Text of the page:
Chapter1: Managerial Accounting Concepts and Principles Flashcards Preview

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Flashcards in Chapter1: Managerial Accounting Concepts and Principles Deck (10)
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We can classify costs on the basis of their:

(1) behavior, (2) traceability, (3) controllability, (4) relevance, and (5) function.


cost object

Product, process, department, or customer to which costs are assigned.


sunk cost

out-of-pocket cost

opportunity cost

A sunk cost has already been incurred and cannot be avoided or changed. 例)the cost of a company's office equipment previously purchased.

An out-of-pocket cost requires a future outlay of cash and is relevant for decision making.

opportunity cost: Potential benefit lost by choosing a specific action from two or more alternatives.


product costs

period costs

product costs: Costs that are capitalized as inventory because they produce benefits expected to have future value; include direct materials, direct labor, and overhead.

period costs: Expenditures identified more with a time period than with finished products costs; includes selling and general administrative expenses.


Raw Materials Inventory のdirect materials/indirect materials

Raw materials used directly in a product are called direct materials.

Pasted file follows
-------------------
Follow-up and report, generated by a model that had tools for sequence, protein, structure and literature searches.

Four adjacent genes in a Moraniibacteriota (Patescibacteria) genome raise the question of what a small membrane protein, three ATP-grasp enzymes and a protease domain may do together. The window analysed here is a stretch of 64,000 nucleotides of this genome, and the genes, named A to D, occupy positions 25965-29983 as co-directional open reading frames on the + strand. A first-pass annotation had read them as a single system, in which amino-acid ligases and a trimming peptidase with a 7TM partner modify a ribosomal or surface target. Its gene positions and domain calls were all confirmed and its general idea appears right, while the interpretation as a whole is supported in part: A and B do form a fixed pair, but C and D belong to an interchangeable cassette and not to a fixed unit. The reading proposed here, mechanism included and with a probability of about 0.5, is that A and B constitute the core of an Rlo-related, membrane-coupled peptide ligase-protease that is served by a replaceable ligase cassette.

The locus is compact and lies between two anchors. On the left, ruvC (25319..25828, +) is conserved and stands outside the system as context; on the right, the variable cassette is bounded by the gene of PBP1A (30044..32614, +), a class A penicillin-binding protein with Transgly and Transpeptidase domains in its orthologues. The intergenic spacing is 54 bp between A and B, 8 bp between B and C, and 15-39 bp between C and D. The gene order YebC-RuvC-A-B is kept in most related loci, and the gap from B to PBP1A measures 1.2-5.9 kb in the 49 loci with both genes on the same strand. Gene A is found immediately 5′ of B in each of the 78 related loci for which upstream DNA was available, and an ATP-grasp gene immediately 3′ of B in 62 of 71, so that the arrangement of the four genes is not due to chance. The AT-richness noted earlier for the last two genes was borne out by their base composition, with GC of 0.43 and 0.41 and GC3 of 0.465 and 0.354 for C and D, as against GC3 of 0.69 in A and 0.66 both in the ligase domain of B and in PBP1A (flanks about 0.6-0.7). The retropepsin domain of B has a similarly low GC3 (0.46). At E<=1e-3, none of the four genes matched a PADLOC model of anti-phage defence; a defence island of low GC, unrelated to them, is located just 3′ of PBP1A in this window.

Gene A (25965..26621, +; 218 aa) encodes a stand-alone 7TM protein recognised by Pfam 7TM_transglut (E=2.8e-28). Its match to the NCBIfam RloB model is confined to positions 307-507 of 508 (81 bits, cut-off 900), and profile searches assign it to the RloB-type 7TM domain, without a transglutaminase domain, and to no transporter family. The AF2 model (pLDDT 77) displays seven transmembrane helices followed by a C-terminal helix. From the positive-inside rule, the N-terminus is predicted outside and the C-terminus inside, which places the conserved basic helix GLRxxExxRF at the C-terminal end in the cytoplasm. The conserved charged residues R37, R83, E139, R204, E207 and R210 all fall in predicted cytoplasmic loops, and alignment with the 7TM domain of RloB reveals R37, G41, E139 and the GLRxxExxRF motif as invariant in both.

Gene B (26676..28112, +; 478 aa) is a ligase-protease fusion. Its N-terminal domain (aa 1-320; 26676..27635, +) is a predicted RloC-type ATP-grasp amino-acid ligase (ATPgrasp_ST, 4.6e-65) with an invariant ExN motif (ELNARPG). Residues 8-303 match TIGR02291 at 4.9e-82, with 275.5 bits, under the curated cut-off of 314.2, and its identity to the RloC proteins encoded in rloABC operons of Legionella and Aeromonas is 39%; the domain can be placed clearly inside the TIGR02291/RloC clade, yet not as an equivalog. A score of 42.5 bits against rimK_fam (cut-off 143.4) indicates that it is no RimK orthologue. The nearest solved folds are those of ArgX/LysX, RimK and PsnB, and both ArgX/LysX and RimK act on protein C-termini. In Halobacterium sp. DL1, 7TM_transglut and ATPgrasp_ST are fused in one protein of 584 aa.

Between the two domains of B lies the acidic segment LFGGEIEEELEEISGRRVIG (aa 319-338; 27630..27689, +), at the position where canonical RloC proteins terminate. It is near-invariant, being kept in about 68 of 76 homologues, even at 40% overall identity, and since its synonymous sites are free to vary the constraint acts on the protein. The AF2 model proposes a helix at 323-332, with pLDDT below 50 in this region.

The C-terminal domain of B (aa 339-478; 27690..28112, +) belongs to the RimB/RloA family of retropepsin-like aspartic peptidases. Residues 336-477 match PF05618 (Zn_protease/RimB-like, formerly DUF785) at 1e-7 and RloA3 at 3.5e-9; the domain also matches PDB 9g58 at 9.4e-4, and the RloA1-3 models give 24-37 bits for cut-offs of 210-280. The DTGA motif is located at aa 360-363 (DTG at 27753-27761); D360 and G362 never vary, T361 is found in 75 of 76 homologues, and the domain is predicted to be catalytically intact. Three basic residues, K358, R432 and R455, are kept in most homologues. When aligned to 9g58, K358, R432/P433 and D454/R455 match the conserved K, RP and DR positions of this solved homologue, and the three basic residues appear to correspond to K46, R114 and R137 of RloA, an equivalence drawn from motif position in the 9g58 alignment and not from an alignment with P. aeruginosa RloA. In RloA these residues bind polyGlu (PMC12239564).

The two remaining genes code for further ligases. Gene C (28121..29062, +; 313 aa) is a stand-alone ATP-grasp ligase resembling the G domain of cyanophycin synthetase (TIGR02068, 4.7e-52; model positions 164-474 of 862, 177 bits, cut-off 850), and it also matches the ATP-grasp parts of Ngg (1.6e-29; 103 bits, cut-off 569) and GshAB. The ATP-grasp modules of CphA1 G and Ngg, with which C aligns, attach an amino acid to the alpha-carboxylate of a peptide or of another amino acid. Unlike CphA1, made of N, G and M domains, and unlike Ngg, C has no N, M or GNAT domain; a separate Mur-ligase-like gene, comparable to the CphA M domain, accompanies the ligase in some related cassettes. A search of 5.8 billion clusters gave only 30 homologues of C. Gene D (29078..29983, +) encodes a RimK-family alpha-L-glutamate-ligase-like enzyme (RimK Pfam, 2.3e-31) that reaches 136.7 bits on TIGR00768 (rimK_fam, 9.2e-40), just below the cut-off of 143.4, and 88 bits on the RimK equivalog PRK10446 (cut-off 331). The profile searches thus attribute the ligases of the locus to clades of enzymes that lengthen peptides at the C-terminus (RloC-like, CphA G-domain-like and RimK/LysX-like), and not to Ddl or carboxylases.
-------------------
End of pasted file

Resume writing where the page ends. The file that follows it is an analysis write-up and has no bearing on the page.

indirect materials: Material used to support the production process but not clearly identified with products or batches of product. 例)靴を作るのに必要な接着剤。一足の靴を作るのにどれほどの接着剤を使用したかなんて細かすぎて記録する?って話。

Items used as indirect materials often appear on a balance sheet as factory supplies or are included in raw materials. Some direct materials are classified as indirect materials when their costs are low (insignificant).


Manufacturers carry several unique assets and usually have three inventories instead of the single inventory that merchandisers carry.

These three are:

1. raw materials inventory

2. goods in process inventory

3. finished goods inventory


goods in process inventory


Account in which costs are accumulated for products that are in the process of being produced but are not yet complete; also called work in process inventory.

If the time required to produce a unit of product is short, the goods in process inventory is likely small; but if weeks or months are needed to produce a unit, the goods in process inventory is usually larger.


finished goods inventory

Account that controls the finished goods files, which acts as a subsidiary ledger (of the Inventory account) in which the costs of finished goods that are ready for sale are recorded.,


Factory overhead

Factory activities supporting the production process that are not direct material or direct labor; also called overhead and manufacturing overhead.


prime costs
conversion costs

Prime costs = Direct materials + Direct labor.

Conversion costs = Direct labor + Factory overhead.